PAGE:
January 19, 2022

Congress Alliance With Parties Like IUML, ISF and Shiv Sena Raises Question on Its Secular Fight


  • Congress ties up with Abbas Siddiqui’s ISF in West Bengal
  • Congress is already with the Indian Union Muslim League in Kerala
  • Badruddin Ajmal’s AIUDF shook hands before election in Assam
  • Then there is alliance with Shiv Sena in Maharashtra, such is the ‘secularism’ of Congress

New Delhi
The Congress, which claims to be the ‘oldest political party’ in the country, often talks about principles. There are talks of joining hands with ‘secular’ forces of similar ideology to fight the ‘communal’ BJP. The ideals of Nehru-Gandhi are cited. There is a promise to make India of their dreams. Then when the elections come closer, the same principle goes in some corner. The party joins hands with some parties which are accused of promoting communalism. The result could not form an opinion in the party. Contraindications emerge. Sometimes things come out openly, sometimes there is anger in internal meetings.

Has joined hands with the AIUDF in Assam
In the second week of January, Congress and Badruddin Ajmal announced to contest the assembly elections together with All India United Democratic Front (AIUDF). According to the 2011 census, 35 per cent of the population in Assam is Muslim, perhaps this should have been decided by the Congress keeping this in mind. But there is a tussle between the two parties over the seat agreement. The party has also joined the Left parties and Zonal Gana Morcha there.

Assam Congress chief Ripun Bora says Ajmal’s party is not a ‘communal’ and should not be considered ‘untouchable’. Bora’s argument is that the BJP formed an alliance with the PDP (in Jammu and Kashmir) that does not accept the Indian flag. Bora said, “If you respect your religion, you are not a communal. BJP is a communal.”

Congress is not easy in electoral states, CAA, party trying to cash in on farmer movement

Congress stands with ISF in Bengal
In West Bengal, the Congress-Left Front has aligned with the newly-formed Indian Secular Front (ISF). Abbas Siddiqui had been waiting to join politics since last year. Initially, he tried to go with Asaduddin Owaisi, but now with the Congress. Abbas has been an outspoken opponent of the Citizenship Amendment Act and is known for his sharp speeches. One of his videos went viral in which he was praying to ‘kill 50 crore Indians with virus’. Later he clarified that ‘meaning was wrongly taken out’. He speaks of the ‘majority’ of Muslims in Bengal.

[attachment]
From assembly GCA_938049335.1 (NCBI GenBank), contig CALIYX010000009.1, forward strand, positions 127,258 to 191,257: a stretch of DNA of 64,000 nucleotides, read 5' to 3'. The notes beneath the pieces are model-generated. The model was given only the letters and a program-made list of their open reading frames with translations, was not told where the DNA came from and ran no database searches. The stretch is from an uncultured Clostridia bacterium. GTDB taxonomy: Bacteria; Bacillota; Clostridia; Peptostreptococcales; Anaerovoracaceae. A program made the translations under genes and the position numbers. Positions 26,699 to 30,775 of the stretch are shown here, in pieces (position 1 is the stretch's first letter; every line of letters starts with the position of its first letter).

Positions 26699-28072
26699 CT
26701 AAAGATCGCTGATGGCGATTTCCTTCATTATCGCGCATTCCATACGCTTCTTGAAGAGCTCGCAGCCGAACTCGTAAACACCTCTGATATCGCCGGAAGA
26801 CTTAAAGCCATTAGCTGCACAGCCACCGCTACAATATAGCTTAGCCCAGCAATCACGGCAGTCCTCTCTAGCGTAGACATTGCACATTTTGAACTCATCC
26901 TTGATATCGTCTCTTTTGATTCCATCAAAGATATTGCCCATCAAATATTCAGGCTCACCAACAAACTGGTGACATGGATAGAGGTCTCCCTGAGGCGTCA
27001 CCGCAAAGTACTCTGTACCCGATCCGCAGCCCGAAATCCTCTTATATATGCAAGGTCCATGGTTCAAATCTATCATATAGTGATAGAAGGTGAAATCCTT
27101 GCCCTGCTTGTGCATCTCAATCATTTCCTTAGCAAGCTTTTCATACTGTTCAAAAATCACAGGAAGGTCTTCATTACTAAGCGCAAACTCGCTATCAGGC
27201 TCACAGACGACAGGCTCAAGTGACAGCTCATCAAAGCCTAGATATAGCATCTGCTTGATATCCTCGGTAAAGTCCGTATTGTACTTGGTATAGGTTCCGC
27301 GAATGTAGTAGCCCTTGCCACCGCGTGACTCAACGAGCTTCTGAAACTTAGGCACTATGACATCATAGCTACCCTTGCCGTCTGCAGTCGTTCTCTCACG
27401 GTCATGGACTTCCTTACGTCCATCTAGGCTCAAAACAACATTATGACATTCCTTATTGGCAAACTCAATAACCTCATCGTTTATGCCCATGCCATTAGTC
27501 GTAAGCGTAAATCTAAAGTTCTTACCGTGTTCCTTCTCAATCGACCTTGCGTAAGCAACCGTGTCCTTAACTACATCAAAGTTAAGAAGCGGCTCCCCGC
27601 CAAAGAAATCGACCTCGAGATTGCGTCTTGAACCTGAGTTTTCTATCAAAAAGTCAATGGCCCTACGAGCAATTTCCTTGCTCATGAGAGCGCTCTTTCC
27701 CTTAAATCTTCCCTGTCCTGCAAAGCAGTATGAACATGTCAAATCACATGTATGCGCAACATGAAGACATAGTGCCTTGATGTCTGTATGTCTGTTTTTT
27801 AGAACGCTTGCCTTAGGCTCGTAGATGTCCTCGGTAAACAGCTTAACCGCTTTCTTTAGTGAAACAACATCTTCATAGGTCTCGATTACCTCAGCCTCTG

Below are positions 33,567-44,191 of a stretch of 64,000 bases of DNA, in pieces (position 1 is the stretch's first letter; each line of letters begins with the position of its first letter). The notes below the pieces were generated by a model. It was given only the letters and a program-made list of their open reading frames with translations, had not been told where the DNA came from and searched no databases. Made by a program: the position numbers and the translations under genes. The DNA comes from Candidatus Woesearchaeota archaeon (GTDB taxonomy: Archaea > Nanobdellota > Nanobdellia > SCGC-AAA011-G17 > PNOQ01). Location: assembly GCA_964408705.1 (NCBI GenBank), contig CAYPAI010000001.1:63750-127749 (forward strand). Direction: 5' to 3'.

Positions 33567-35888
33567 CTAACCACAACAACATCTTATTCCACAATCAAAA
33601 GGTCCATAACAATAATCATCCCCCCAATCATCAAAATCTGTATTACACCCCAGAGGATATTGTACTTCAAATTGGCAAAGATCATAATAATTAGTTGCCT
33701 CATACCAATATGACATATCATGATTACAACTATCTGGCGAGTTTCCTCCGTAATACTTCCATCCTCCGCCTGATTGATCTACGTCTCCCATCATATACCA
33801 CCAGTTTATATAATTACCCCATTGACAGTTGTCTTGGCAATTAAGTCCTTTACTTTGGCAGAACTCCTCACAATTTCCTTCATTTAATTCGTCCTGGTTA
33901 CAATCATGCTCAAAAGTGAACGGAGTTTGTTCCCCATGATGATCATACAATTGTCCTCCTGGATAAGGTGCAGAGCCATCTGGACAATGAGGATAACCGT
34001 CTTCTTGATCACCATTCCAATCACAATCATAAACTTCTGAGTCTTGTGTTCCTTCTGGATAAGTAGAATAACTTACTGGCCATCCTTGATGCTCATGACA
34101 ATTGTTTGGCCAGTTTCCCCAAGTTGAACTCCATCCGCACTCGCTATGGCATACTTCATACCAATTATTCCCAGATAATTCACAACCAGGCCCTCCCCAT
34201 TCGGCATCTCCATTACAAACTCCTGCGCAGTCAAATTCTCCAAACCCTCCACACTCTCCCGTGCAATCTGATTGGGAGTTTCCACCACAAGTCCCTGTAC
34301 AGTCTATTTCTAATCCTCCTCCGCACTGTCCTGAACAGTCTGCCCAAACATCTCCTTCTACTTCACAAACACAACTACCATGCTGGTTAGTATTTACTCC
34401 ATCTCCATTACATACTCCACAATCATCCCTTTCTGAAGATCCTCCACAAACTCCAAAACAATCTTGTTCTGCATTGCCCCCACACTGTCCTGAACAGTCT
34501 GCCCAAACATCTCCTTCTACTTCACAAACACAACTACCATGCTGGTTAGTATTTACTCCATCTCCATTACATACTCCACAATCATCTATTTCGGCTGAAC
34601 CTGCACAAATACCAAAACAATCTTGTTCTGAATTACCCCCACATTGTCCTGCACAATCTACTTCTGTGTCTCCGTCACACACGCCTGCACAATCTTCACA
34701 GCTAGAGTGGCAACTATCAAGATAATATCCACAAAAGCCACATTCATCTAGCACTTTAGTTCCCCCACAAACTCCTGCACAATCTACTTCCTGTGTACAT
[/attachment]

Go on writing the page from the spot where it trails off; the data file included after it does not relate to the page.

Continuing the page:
Muslim League joined in Kerala
In the southern state of Kerala, the Congress Party and the Indian Union Muslim League (IUML) are side by side. Here the Congress has become weak, if the UUML had not been there, the UDF might not have come to power. The Congress was also accused of surrendering to the IUML. After the UDF’s crushing defeat in the civic elections, CM Pinarayi Vijayan had said that the Muslim League is the only one making the decisions of the Front and the Congress is unable to do anything.

Editorial: Rebellion in Congress

Then coming to Maharashtra and meeting the party with Shiv Sena …
In states like Kerala, Bengal, Assam, in the name of fighting the ‘communal’ BJP, alliances with parties voicing support for a religion and then joining hands with the Shiv Sena to gain power in Maharashtra. Only after such steps of the Congress, questions are raised on its secularism. The Shiv Sena has been identified as a ‘staunch Hinduist’ party and even today the Congress and its paths are different on many issues.

Voices are rising from within the party
If the Congress talks of piety, then there should be uniformity at the country level. It is not easy for its own leaders to join hands with different ideological parties according to the need and then continue to describe themselves as ‘secular’. Anand Sharma (member of G23), deputy leader of the party in Rajya Sabha, recently said that “Congress cannot be selective in fighting communal forces. It has to be done in every way, irrespective of religion or color”. Sharma was speaking about the Congress’ alliance with the ISF in Bengal.


Congress aligned on the basis of political necessity, not principles.


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